Preparing your boat for winter should be the last item on this year’s to-do list. The many mistakes I’ve made over my 65 years should qualify me as experienced if not expert. One of my frequent mistakes is to refuse to admit the season is over.
Because of this, I’ve adopted a gradual wintering schedule over the course of a month or more, prioritizing chores in such a way that any sudden boating re-activation will not set the schedule back to zero.
I start out by thoroughly scrubbing the decks and the interior nooks and crannies with a strong detergent fortified with bleach. If you think getting a deck and interior clean in the fall is difficult, try doing it in the spring after the grime and gunk has solidified on the boat for four or five months.
Giving the hull a good wash is next. If you decide to take out your skiff again, a gentle brushing and rinse afterward will bring it right back to tidy.
Waxing in the springtime is a necessity, and a winter wax makes just as much sense. The hull needs a film of wax protection from extended cold, wind, rain, snow and otherwise brutal weather.
Next is to drain all of the motor’s oil and lubes and replace them with fresh so that the waste deposits created this season do not continue to caress the heart of the motor over the long winter months. Changing the lower unit lubricant is particularly important.
If the lube comes out milky or whitish, it’s a sure sign that your prop shaft seals are leaking, not an uncommon occurrence. Winter is the optimum time to replace them. If water enters the lower unit and it freezes, it can split the lower unit cases, a particularly expensive repair.
The brackish water of the Bay (less than 30 parts salt per 1,000) makes the freshwater flushing of your outboard after each use optional. However, purging salt from your cooling system before winter is prudent. Give it a thorough, 15-minute flushing. As insurance, add a salt remover such as Salt-Away or a few ounces of Dove dishwashing liquid to your garden hose prior to hooking up the flushing muff.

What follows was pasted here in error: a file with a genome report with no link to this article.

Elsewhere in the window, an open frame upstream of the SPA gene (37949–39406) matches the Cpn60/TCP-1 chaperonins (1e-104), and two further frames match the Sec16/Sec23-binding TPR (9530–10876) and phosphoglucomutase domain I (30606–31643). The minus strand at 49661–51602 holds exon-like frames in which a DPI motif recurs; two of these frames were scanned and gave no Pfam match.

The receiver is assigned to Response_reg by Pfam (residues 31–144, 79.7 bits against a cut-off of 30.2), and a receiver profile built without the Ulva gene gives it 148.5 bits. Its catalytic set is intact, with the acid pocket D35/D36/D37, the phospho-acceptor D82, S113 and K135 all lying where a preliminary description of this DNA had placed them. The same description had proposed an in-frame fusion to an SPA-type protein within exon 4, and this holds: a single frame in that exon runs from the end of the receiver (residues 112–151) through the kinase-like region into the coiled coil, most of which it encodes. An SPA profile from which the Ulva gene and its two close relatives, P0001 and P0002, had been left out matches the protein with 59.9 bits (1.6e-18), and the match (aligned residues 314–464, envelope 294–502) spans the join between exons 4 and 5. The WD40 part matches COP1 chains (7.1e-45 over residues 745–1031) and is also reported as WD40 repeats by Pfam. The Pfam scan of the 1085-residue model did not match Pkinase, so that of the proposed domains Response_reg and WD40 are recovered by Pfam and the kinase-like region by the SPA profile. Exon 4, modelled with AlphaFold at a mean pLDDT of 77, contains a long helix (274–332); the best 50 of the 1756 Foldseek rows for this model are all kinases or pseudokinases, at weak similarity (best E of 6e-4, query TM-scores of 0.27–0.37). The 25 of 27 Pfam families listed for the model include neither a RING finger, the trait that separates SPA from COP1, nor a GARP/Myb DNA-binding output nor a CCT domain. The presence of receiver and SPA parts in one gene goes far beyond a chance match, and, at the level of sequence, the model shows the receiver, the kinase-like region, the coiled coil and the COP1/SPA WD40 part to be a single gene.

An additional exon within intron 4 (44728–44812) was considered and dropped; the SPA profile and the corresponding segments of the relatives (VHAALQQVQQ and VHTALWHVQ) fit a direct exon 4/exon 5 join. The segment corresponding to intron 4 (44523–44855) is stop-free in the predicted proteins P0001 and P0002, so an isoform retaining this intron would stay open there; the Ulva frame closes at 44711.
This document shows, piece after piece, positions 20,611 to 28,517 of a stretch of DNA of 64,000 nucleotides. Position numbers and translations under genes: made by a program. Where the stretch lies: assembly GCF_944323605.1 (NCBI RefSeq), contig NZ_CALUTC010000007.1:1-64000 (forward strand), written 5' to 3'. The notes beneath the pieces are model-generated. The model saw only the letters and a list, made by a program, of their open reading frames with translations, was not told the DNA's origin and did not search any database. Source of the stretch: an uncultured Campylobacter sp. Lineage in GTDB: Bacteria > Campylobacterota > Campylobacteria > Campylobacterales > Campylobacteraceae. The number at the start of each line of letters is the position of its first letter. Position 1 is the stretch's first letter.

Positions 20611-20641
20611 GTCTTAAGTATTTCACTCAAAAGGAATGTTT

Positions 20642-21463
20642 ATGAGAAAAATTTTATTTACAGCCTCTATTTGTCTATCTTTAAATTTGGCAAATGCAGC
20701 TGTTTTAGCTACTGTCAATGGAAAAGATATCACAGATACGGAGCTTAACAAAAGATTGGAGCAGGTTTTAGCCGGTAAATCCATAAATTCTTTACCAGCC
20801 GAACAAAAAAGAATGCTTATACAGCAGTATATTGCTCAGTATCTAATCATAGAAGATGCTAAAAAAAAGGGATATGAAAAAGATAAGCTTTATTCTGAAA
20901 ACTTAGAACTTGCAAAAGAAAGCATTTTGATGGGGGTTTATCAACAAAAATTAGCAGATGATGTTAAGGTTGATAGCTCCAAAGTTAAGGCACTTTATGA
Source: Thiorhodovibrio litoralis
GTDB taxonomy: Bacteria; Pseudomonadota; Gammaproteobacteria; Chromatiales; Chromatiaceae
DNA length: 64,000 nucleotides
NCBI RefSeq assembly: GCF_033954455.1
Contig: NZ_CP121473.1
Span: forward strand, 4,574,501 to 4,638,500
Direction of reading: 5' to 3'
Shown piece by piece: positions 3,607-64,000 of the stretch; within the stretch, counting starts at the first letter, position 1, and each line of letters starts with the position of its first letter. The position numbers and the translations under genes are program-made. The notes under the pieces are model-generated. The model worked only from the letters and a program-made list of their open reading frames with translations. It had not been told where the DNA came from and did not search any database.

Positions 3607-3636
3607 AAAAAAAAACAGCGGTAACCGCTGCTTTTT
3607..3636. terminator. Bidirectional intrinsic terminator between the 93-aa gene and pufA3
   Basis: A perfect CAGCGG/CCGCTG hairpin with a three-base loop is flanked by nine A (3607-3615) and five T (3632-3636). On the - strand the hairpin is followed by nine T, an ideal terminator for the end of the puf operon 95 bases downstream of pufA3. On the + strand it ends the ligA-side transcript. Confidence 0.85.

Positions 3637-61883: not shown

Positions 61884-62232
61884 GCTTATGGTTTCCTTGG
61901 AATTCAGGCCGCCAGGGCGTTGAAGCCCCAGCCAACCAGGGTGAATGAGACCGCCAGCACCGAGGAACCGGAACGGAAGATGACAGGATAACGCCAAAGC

Since I add fuel stabilizer and an anti-carbon additive to my boat’s gasoline supply during the season, I’ve no need to treat my fuel for the winter. If you don’t share in this practice, treat all your gas with a ring-free additive and a fuel-stabilizer. Run it into your engine thoroughly during that last flushing and prior to putting your rig up.
Completely disconnecting your batteries is one of the last must-dos. Most outboard motors and the boat’s accompanying electronics continue to draw at least a small amount of power. Unless each battery is connected to a maintenance charger, it will likely be damaged and have to be replaced in the spring.
Finally a weatherproof boat cover is a must for maintaining a clean craft.
Hope springs eternal in an angler’s heart. I’m always expecting one last good day before winter closes us out. In the meantime, I’m checking off my winterizing list in case the season is really over.